• Ring of Brodgar, Orkney

Five things to do this winter

The islands certainly don't shut down for the season - there is always plenty to do over the festive period and into the New Year.

Orkney is a special place during the winter months.

Visitors can have many of our most famous sites to themselves and the sometimes wild weather can really invigorate the senses. And although the days may be shorter, that just means you have less time to pack everything in!

Here are our five of our favourite things to do in Orkney during winter.

Orkney comes alive over Christmas. With beautiful trees and lights in villages across the islands, there is no escaping the festive spirit. Local musicians take centre stage during the holidays, with fiddles, accordions, guitars and drums all helping fill various venues throughout Orkney. Keep your eye on our events page for more details, and remember to check The Orcadian, Orkney's weekly newspaper, for up-to-date information.

However, there won’t be much Christmas spirit on display during the traditional Kirkwall Ba’ games this year. Hundreds of men and boys, forming teams of Uppies and Doonies, will compete to try and force a beautiful, hand-crafted leather ball to their goals at opposite ends of the town. It’s an historic game and certainly one for spectators to enjoy – seeing the scrum form in-front of St Magnus Cathedral in the heart of the town is a spectacular sight.

The games are played on Christmas Day and New Year's Day (unless they fall on a Sunday, in which case they're played the following day) with the boy's game beginning at 10am and the men’s version starting at 1pm. Both can last for hours so remember to wrap up warm, bring a bottle, and don’t get too close to the action!

Stromness also hosts its own festive tradition with the revived Yule Log event. It sees teams of Northenders and Soothenders battle in a huge tug-o-war to drag a large log to their respective ends of the town. It's traditionally held during the afternoon on the last day of the year.

Orkney always offers a warm welcome to visitors, and that's certainly the case over the coming months for some very special species making the islands their home.

We host a wide variety of migrating and wintering birds, especially ducks and divers. You can spot long-tailed ducks here after their summer in the Arctic. Listen out for the haunting 'calloo' cries at the Peedie Sea in Kirkwall or at Echnaloch Bay in Burray.

Orkney is also the seasonal home to nearly a thousand great northern divers - a quarter of British wintering population - and Slavonian grebes. They're both designated as threatened species globally, so the chance to see both in such quantities in Orkney is a real unique opportunity. Scapa Flow at Hobbister and Echnaloch Bay are the perfect places to see them.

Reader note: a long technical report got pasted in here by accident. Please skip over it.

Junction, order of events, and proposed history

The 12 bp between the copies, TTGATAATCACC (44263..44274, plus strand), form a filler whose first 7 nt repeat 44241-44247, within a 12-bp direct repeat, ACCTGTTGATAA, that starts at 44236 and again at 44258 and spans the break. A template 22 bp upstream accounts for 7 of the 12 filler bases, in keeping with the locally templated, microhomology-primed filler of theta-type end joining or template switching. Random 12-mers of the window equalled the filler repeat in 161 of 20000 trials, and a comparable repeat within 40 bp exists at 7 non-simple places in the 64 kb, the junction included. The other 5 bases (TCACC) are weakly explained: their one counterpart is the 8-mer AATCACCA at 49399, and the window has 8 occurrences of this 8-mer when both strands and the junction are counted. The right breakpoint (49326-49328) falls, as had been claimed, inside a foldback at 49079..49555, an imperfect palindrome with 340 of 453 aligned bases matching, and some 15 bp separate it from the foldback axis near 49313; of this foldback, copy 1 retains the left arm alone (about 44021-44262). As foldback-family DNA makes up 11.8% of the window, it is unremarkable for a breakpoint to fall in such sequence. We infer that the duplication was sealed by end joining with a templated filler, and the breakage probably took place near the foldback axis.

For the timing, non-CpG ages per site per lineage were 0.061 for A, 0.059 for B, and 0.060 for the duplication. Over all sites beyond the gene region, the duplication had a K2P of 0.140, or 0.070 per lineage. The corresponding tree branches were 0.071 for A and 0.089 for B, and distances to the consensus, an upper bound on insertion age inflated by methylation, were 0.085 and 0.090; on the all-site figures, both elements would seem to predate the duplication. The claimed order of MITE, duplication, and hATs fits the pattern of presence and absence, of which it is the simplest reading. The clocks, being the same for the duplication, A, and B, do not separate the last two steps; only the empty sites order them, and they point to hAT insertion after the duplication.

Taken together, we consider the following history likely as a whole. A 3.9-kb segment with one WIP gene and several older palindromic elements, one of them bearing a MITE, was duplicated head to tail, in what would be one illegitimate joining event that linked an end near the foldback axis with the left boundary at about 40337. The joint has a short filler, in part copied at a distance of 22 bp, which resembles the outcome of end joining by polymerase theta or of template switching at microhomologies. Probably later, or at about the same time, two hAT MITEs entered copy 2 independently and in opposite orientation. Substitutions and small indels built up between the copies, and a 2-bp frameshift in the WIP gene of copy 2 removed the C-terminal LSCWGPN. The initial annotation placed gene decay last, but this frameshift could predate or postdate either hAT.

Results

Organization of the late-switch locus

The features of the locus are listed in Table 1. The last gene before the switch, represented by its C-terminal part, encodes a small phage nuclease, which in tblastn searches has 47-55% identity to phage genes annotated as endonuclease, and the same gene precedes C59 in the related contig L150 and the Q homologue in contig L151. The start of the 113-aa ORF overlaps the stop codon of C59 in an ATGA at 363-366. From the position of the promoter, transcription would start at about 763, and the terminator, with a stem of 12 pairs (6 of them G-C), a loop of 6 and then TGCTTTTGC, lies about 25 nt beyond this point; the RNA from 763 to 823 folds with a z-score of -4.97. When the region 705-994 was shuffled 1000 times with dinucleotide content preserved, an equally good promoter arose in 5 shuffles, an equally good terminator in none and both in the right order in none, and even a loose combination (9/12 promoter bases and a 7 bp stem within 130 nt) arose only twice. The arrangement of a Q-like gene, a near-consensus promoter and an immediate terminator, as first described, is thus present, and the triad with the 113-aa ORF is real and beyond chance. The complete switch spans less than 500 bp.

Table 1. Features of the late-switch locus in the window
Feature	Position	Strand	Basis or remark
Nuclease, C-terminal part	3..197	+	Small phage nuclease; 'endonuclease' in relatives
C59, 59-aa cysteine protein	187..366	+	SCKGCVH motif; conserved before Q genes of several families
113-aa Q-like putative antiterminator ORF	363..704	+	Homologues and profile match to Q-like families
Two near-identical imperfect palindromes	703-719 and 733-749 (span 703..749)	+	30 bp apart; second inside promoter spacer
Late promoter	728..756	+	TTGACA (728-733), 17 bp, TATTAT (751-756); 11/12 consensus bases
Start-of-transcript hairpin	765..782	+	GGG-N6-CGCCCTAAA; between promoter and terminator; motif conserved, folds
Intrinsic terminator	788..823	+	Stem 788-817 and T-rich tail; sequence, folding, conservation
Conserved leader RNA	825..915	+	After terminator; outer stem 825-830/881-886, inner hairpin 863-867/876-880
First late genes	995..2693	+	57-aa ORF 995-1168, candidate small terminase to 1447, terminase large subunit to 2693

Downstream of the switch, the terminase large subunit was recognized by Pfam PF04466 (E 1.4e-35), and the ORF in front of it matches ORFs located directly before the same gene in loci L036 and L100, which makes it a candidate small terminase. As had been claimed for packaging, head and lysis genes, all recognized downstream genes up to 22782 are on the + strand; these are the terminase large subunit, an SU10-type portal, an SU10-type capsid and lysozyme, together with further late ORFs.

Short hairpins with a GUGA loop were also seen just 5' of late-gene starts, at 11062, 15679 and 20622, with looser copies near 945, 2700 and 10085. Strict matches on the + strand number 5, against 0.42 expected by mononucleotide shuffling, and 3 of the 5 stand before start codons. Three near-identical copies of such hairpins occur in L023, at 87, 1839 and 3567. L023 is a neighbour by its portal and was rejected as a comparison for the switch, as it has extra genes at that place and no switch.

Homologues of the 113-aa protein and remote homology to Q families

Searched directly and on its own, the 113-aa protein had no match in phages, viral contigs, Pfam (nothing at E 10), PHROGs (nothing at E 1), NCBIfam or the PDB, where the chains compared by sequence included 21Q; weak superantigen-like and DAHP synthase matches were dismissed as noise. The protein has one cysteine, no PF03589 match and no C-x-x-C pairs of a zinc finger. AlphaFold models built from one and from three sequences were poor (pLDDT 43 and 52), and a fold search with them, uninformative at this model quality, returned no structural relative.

Keep your eye out for curlews, golden plovers, sanderlings, turnstones, redshanks and much more too - Orkney really is a birdwatching paradise all year round.

Winter in Orkney brings short days and long, dark nights - perfect conditions for catching a glimpse of the Aurora Borealis, or the 'Merry Dancers' as they're known locally.

When conditions are right and skies are clear, Orkney's northerly location and low levels of light pollution make it a prime place to spot the phenomenon. It's caused by solar wind from the sun colliding with magnetic particles in the Earth's atmosphere, resulting in displays of colour in the northern sky. You might not see a Lapland-esque show, but it can still be a stunning sight.

Orkney's beaches, coastline and countryside provide excellent spots to watch the Northern Lights. The Orkney Aurora Group on Facebook keeps folk up to date with sightings and photos so you won't miss a thing, and you can use Aurorawatch too. Check out our guide to seeing the Merry Dancers in Orkney.

A little bit of wintry weather isn't enough to stop our island communities from welcoming visitors over the coming months. Where better to clear the head and relax than one of our beautiful islands, with deserted beaches, peaceful landscapes and friendly residents.

Papa Westray and neighbouring Westray have excellent historical sites and plenty of high quality accommodation options for a post-festive break.

You can explore the tallest land-based lighthouse in the UK in North Ronaldsay, or be refreshed with a stroll on the beautiful beaches of Sanday, Stronsay and Eday. If you prefer a shorter trip, the inner isles of Rousay, Egilsay, Wyre and Shapinsay offer archaeological treasures, walks and wildlife. And don't forget Hoy and Flotta, with their rich wartime heritage sites and some of Orkney's most stunning landscapes.

Find out how you can explore Orkney's islands this winter.

If you're planning to visit over the winter months, expect open doors and plenty of interesting sites to see. Things certainly don't come to a stop in Orkney.

Our Historic Scotland sites showcase thousands of years of Orcadian history - why not experience some of them with a free tour from the Ranger Service? If you'd rather be inside then you can explore the upper levels of St Magnus Cathedral or, if food and drink is your thing, take a look at some of the destinations you can visit on the Taste of Orkney Trail.

You can also experience Orkney's wartime heritage with a guided tour of Ness Battery in Stromness. And if you want to see our talented makers in action, the Creative Orkney Trail will take you on your very own tour of our islands, with plenty of shopping opportunities throughout.

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